I have been looking through a lot of pictures taken in the last year, and I have noticed something that I did not before. Then, I scrolled through the thousands of photos on my old iPod. Passing over the numerous screenshots of One Direction, Aaron Tveit, and others, I saw Junior Year me, and boy, did I look even more different. But it wasn’t just the braces, hair styles, or acne, although those things did make me look like someone else. No, it was something different.
For a really long time, I never saw how much weight I lost in this past year. They say you are the last to notice, but I never really did. Yes, I did see a little change, but nothing drastic in the slightest. I look at pictures from January (even earlier) until now and I think, “Okay, I know I look this way.” But when I went back to junior year, or even last summer, I can see it. I am so aware of how different I look.
Even though I was exercising a lot and barely eating, I did not notice any significant change in my appearance. I did not feel any different either. Looking through my photos, this one stuck out to me:
I saw the same things here:
My chest and shoulders just look like bones. I mean, the rest of me looks pretty okay, I think. I still had fat on me, and that’s why, in my opinion, I never really saw my lack of eating as a problem for a while. I saw the danger of the situation, but I thought I had control–at least, for a while.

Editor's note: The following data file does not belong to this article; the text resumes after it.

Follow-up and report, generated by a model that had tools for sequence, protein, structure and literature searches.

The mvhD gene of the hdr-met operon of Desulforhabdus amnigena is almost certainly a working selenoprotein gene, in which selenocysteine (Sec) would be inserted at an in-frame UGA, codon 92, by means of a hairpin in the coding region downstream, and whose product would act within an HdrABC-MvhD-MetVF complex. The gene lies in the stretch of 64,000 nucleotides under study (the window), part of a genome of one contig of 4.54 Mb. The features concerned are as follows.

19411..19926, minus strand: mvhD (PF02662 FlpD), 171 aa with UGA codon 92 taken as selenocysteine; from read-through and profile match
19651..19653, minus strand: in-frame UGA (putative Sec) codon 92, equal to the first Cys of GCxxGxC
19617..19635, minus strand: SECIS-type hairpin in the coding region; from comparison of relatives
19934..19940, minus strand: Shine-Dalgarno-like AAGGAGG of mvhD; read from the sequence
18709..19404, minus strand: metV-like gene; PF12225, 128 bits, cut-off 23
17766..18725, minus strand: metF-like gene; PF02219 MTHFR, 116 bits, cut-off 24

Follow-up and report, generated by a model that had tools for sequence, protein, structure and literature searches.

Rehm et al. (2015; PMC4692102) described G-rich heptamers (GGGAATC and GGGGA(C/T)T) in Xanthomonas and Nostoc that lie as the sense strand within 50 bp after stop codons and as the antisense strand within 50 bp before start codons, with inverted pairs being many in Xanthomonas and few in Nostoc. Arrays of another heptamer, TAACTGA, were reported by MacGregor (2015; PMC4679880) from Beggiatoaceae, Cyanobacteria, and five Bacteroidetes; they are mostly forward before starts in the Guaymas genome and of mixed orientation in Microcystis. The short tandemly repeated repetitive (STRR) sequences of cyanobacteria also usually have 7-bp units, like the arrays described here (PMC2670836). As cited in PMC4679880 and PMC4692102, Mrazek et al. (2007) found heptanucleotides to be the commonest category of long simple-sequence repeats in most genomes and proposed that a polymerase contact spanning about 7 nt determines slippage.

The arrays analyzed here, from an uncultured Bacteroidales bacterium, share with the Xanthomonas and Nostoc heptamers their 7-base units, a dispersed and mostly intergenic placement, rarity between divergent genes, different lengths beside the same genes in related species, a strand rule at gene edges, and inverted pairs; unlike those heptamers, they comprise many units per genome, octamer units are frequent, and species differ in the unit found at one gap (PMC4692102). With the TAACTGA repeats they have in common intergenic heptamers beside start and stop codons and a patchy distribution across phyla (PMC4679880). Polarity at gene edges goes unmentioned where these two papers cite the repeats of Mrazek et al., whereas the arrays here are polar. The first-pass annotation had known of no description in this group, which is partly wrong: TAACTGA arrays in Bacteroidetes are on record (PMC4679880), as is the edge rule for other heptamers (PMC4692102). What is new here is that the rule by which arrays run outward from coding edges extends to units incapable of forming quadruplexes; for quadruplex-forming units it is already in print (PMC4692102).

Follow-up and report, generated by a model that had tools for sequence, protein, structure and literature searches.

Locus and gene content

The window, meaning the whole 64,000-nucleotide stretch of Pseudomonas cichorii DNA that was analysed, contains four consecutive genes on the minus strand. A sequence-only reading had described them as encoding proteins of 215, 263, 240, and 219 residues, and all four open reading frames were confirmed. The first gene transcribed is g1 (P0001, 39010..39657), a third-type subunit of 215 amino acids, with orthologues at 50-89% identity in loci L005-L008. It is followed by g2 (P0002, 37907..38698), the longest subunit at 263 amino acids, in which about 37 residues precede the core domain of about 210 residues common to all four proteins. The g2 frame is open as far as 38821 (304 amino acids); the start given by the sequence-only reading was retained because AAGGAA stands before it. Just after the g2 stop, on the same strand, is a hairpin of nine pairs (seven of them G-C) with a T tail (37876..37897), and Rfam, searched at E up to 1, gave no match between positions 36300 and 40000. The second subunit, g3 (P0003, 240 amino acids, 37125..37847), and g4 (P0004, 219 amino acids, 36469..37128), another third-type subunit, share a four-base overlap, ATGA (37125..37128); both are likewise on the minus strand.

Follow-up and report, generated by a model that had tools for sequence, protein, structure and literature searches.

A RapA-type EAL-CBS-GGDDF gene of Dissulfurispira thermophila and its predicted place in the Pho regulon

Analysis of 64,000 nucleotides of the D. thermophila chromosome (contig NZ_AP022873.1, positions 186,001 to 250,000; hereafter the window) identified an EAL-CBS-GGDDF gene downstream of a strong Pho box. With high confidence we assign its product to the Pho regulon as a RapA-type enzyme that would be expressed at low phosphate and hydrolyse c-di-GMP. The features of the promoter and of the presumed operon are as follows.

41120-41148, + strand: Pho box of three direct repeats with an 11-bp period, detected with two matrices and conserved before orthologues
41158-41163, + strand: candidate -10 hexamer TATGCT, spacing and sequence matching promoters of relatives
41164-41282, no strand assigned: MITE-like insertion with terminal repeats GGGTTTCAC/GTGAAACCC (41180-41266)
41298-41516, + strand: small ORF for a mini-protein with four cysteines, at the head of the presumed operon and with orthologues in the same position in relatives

I look at pictures like this, and I see these things about them, but they are only in these photos. Others taken the very same hour look different. That just confuses me. Because of that, I never saw a real change in the way I looked. That is, until I went through pictures from junior year, before I really got into this mess.
Here are some photos from that year and from the summer that followed:
Here’s the thing: I DO NOT THINK I LOOK FAT IN ANY WAY IN THESE PHOTOS. However, I see the weight that I lost. I see the fat and muscle under my shoulders and on my chest. I see that I did not have a thigh gap. I still looked fine.
But you know, I do feel self-conscious about these pictures because I was not confident at that time time my life when I took them. I am still trying to find that confidence. Granted, I am about a thousand times more confident than I was even a few months ago, but I still have a long way to go. And looking at these photos and comparing them to the ones of my more recently, I can see that I am still learning and growing through this process and recovery.
I do not ever want to see myself as skin and bones. Just the thought of that scares me.
I look at pictures of me now, and I look so much better. Of course, I have lots of bad days and do not like the way I look, but those are bad days. Those days and those thoughts do not define me anymore. I am better. I am stronger. Sometimes I need a little reminding of that.
But I see the difference. I see how I was, how far I fell, and how far I have come. Progress is everything with recovery. I am a fighter, and I am proud of everything I have accomplished. And I am happy. So, so happy.